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Community invited to American Cancer Society Relay fundraising events

An unidentified girl gets her face painted at the 2011 Newton Relay for Life. Fund-raising events for the American Cancer Society, Relays offer family activities, food and entertainment.

An unidentified girl gets her face painted at the 2011 Newton Relay for Life. Fund-raising events for the American Cancer Society, Relays offer family activities, food and entertainment.

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Pine Street Elementary School cafeteria employee Mae Gilchrist shares a moment with Pine Street volunteer Dorothy Bauer at the 2011 Rockdale Relay for Life event at the Georgia International Horse Park.

Doctors diagnosed Charlie Mason with cancer at seven months old. He had a tumor under his right lung the size of a man's fist, wrapped around his spine.

Surgeons removed the tumor and Mason underwent rounds of chemotherapy and radiation. His cancer went into remission.

Told he would never walk due to spinal cord damage, Mason did gain use of his legs thanks to the persistence of his mother, who exercised his limbs each day, and physical therapy.

Now 34, he will be walking in the Rockdale Relay for Life to help others who have experienced the disease that almost took his life.

The 2012 Rockdale Relay for Life event is set for 7 p.m. on April 27 at the Georgia International Horse Park. The 2012 Newton County Relay for Life occurs on the same day and time at the Church in Covington.

Relay for Life is a fundraiser for the American Cancer Society, which provides research for the cure and treatment of cancer, and support and education to cancer patients and their families.

Teams of people gather together and walk laps around a track from evening until the morning to earn pledges. Each Relay starts off with a lap reserved only for cancer survivors.

"I've been doing things I've been told that I could never do, that's why Relay means so much to me," said Mason, who grew up in Conyers and is a member of the Pleasant Hill Baptist Church Relay team.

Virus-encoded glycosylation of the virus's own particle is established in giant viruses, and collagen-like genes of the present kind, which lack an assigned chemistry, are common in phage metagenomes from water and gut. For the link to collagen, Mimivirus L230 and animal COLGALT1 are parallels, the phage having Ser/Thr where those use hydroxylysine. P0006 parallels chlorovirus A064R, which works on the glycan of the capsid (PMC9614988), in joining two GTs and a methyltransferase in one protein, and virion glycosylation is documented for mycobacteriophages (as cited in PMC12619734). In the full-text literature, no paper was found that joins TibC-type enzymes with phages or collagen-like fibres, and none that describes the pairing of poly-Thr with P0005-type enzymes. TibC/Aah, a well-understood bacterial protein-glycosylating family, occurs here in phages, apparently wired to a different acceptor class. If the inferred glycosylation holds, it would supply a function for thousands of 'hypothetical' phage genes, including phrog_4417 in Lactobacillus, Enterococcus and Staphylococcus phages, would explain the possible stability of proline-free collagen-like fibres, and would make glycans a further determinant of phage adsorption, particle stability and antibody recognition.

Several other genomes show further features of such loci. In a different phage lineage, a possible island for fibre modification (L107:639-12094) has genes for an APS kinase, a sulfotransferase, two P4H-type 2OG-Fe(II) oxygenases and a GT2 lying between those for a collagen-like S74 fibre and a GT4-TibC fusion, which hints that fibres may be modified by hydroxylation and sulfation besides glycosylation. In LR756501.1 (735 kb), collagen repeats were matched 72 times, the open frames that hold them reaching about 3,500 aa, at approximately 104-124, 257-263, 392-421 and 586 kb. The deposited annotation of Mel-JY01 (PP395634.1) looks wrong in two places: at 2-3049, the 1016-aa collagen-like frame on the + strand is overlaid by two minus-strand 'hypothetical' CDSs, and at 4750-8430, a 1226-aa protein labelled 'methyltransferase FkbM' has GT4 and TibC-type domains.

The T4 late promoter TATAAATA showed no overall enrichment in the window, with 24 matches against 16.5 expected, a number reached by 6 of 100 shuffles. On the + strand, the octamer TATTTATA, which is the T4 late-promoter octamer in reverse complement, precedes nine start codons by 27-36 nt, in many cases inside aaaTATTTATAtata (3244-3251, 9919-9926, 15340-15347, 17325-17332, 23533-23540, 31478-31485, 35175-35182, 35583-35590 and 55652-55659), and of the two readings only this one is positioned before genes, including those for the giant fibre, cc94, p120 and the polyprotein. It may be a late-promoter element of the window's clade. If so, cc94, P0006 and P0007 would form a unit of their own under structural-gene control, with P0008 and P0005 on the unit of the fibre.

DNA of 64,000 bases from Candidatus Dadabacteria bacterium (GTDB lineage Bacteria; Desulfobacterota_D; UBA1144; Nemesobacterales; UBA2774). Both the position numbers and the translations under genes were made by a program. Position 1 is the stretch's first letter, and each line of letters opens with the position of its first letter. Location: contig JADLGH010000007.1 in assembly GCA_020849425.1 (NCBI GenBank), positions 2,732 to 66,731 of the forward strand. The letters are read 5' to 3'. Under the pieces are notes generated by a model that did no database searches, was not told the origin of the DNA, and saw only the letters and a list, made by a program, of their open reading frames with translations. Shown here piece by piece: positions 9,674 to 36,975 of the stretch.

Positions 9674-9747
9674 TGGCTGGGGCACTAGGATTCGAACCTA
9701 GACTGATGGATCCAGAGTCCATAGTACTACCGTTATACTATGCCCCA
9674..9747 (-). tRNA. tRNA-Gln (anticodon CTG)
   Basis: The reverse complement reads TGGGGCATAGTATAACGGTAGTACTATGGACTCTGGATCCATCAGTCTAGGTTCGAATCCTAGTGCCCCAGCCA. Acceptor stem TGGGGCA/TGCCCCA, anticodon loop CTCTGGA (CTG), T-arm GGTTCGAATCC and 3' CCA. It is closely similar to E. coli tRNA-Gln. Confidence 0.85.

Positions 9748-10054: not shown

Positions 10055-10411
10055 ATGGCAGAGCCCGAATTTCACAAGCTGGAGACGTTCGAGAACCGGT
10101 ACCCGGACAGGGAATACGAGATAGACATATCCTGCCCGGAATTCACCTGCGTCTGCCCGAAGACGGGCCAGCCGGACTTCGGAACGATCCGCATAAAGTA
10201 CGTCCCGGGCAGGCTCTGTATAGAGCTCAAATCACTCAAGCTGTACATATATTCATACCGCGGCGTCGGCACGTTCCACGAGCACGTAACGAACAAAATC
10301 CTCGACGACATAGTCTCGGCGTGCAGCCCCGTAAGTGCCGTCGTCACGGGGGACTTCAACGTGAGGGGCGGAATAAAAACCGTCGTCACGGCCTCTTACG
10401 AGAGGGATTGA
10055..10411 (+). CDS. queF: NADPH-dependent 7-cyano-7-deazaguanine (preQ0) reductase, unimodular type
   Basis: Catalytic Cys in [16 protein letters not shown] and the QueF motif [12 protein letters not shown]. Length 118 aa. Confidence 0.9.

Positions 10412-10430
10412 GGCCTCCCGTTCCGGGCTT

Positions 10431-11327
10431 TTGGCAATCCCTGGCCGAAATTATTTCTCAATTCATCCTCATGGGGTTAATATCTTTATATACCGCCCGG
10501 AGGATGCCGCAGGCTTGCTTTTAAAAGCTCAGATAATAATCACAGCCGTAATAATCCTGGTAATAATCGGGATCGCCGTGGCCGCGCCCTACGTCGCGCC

"The survivor lap reminds me of how far I've come and how blessed I am to not only be a cancer survivor, but also to regain the use of my legs."

Organizers stress that the public is invited to the Relays; they don't have to be registered on a fund-raising team. The community can peruse the many booths set up selling crafts, food and other items, all to benefit the American Cancer Society. Entertainment, such as live music, will also be on tap.

"The biggest thing that a lot of people don't understand is that this is an open, communitywide event. If you buy a hot dog, you're giving money. If you buy a bottle of water, you're giving money. All that money goes to the American Cancer Society; the money fights all types of cancers and the research is for all ages, from infant to adults," said Christy Lyons, an organizer for the Newton Relay for Life.

"You don't have to be on a team. It's a great time to see people you haven't seen for 20 years, a great time to get together with people you grew up with, or your neighbors."

The Rockdale County Relay has so far recruited about 440 fundraising participants to raise $135,000 and Newton is expecting roughly 820 people to bring in $242,000. Last year, Rockdale raised $130,000 and Newton raised $232,000.

Teams are comprised of community members from schools, churches, businesses, nonprofit organizations, families and groups of friends. In addition to getting pledges, team members also hold small fundraising events such as bake sales and carnivals in the months before Relay.

During Relay, each team sets up a tent and campsite and will be selling goods to raise more money. Teams also sell luminary bags and torches in honor or memory of a loved one with cancer.

"It allows you to mourn the past, to deal with today and hope for the future," said Lyons, who lost her father to cancer one month after her high school graduation.

"Doing Relay helps me fight back on something that has taken away something that was precious to me. It gives me a chance to help somebody else have to not deal with what I dealt with."

Lyons' father died in 1991, a pivotal year for breakthroughs in cancer research, she said.

"We don't want it to be a moment too late for anybody else," Lyons said.

For more information on Relay, visit www.relayforlife.org or for questions about cancer, call the American Cancer Society help line at 800-ACS-2345.